Why the Web 2.0/Tech 2.0 ‘Bubble’ Refuses to Burst

In agreement with Marc Andreessen, there probably won’t be a web 2.0 correction for a long time. Right now we have interest rates still at zero, and there is so liquidity in the world right now, so much wealth. Every time web 2.0 is supposed to burst, such as in 2012 following Facebook’s unspectacular IPO, or in 2008, it comes roaring back stronger than ever.

Despite the punditry insisting we’re in a web 2.0/tech bubble, going as far back as 2008, I can only think of three major web 2.0 ‘implosions’: Fab.com, Zynga, and Groupon. Fab was a train-wreck that anyone with a pulse could have seen coming. Zynga…way too dependent on Facebook and a fad. Groupon is the better of the three, only seeing its valuation fall from $30 billion to just $4 billion – but still well over $1 billion. And for everyone who assumes an IPO is the peak and it’s all downhill, not quite so. Facebook has more than doubled since its IPO; Google is up 1,100% and Linkedin up 150%, to name a few examples.

These valuations, as lofty as they seem, are not falling, and there are several reasons why:

There is a considerable about of wealth is circulating in the silicon valley, and successes tends to beget more success.

Although valuations are higher, fundamentals are also much better than in the late 90’s. The most successful web 2.0 companies have market dominance and huge user bases to monetize for a high profit.

The leading web 2.0 companies (Uber, Whats-app, Dropbox, Snapchat, Instagram) aren’t just flashes in the pan, but are ecosystems harnessing hundreds of millions users. These companies are creating entire infrastructures and industries. Facebook, Twitter, and Instagram pretty created the entire mobile advertising market. Uber is revolutionizing transportation. Dropbox and Box.com are revolutionizing cloud hosting and data storafe. Pinterest, through its pin boards, is like a digital version of a storefront, perfect for its primary user base: women who like to shop.

But the doubters say we’re in a bubble similar to the 90’s. The problem with using the past to predict the future is that there are often subtleties that can produce wildly diverging outcomes. Yes, like the 90’s, prices are high, but the fundamentals are much better and, despite the high prices, markets are much more sober. Fitbit recently went public and week later has a PE ratio of only 25, and that was after a 30% pop on the IPO. If this were the 90’s, it probably would have a PE ratio of 300.

As shown below, while market capitalization is rising, PE ratios are considerably lower than in the late 90’s during the first tech boom:

That why I’m rationally optimistic.

These app & web 2.0 companies seem to be doing something right to avoid the valuation chopping block that afflicted so many of the earlier internet startups. One reason why app companies, as opposed to sites that that sell physical stuff, are doing so well is that they have better profit margins (and less cash burn) from not having to manufacture, market, ship, and store stuff – and can use network effects for added growth.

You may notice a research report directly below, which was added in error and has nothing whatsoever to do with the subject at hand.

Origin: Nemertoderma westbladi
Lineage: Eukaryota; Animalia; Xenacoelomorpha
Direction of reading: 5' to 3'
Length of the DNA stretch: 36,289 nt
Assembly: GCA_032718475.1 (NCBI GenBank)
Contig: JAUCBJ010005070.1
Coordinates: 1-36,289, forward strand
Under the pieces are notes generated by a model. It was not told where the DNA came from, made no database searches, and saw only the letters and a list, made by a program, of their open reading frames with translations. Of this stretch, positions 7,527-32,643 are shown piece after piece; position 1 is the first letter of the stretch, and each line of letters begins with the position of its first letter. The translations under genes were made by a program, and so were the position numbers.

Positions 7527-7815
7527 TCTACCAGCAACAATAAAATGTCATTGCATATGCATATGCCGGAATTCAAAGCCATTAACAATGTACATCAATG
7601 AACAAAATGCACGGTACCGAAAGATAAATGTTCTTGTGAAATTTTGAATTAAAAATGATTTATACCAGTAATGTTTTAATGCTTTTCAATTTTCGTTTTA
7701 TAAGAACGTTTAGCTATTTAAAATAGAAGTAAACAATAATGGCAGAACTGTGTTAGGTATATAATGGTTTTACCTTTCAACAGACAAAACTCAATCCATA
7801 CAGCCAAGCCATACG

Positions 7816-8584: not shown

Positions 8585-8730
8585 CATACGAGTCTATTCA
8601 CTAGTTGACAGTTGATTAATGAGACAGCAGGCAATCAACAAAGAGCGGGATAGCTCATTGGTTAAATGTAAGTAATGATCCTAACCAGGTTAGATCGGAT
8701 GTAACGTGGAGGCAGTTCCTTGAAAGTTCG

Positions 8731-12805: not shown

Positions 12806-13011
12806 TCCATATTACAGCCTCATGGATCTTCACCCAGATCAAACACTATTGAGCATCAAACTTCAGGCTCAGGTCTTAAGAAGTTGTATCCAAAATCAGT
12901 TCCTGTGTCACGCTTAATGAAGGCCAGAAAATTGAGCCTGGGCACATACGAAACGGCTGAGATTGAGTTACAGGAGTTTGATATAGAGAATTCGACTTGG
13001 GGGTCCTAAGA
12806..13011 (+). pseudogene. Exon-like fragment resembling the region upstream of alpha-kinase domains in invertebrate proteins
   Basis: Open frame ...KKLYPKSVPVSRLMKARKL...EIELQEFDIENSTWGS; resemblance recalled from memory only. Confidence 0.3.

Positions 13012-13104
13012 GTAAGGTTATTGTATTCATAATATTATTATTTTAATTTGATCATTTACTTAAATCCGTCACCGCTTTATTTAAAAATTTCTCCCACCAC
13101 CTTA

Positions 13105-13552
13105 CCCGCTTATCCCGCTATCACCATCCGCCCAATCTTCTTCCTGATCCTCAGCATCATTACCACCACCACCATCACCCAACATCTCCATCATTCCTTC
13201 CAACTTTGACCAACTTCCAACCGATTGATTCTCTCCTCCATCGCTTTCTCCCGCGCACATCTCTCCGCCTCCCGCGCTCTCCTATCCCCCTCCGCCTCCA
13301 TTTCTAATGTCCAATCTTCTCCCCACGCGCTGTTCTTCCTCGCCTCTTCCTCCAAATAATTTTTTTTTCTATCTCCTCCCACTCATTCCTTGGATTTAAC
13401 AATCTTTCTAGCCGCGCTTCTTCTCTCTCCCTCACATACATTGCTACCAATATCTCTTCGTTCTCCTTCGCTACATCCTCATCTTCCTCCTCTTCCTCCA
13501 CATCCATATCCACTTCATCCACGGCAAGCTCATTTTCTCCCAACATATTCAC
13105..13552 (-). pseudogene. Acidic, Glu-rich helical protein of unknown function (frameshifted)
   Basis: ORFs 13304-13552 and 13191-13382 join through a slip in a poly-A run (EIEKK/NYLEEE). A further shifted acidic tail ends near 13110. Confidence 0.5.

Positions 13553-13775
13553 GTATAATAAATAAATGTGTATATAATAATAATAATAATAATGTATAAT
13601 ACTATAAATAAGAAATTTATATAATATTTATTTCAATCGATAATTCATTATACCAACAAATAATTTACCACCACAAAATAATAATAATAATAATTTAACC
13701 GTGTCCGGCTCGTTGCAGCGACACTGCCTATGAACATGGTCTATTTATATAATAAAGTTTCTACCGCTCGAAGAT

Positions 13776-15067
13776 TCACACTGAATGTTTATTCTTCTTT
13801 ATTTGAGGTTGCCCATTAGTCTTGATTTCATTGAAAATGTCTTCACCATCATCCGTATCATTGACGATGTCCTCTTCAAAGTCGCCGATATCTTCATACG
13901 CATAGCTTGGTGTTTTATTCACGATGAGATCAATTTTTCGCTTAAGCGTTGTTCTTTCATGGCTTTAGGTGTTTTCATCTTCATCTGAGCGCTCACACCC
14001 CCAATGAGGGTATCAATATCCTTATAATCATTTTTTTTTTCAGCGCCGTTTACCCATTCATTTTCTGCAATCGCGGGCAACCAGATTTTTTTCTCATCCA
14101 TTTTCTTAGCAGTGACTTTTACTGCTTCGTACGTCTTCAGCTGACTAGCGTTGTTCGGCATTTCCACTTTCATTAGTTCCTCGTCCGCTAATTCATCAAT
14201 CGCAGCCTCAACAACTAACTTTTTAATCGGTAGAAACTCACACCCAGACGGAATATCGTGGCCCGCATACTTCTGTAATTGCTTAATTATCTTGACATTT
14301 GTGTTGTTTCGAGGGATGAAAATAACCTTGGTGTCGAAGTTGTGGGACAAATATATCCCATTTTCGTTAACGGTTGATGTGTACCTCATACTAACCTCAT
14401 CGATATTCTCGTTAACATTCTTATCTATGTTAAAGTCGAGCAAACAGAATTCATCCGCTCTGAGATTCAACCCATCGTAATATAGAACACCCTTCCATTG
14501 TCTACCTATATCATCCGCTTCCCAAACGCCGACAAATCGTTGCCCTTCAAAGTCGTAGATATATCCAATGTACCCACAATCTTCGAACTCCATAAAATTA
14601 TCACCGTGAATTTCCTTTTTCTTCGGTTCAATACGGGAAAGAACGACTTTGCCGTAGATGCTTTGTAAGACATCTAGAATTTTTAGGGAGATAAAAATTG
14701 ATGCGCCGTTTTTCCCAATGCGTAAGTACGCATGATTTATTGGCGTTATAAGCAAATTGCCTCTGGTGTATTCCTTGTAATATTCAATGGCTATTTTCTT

Profitably has never been the most pressing concern for these growth companies. Amazon went years before turning a consistent profit, so it’s not like there is a well-defined upper-limit where profitability is mandatory. Investors care less about actual profits than the ability to prove profits can be generated. Once it’s demonstrated/proven that profits can be attained, investors become extremely patient. As long as potential profits keep rising (positive cash flow), the enterprise value will rise, and investors will be happy. Amazon, for example, has a very high and growing cash flow, but profits are low because Amazon management keeps reinvesting its cash back into the business:

All the major brands are lining up behind Snapchat, waiting for their ad platform to go live, and it won’t be long before Snapchat, like Facebook and Twitter, pulls in substantial advertising revenue. The mobile environment is perfect for advertising because the screen is smaller and, unlike on a desktop, you can’t as easily avert your eyes from a mobile advertisement. It’s right in front of your face.

For valuations to fall meaningfully, it would probably require a large bear market for the Nasdaq, similar to that of 2000 and 2008. Like Facebook and Google, the most successful app/website companies, such as Snapchat and Uber, are well-insulated from macro factors and would probably only see a small decline in valuation and or delay in going IPO, but this would be temporary. But I am pessimistic about the hardware unicorns (Fitbit, Skullcandy, GoPro, Jawbone) as opposed to the app/website ones, so It’s not like I am emphatically bullish about everything, and these hardware companies would fare much worse during a correction. The fact that hardware unicorns trade at a much smaller multiple than website/app ones is evidence of this vulnerability to macro economic factors, and the general tendency of hardware to be susceptible to fads and change in user tastes.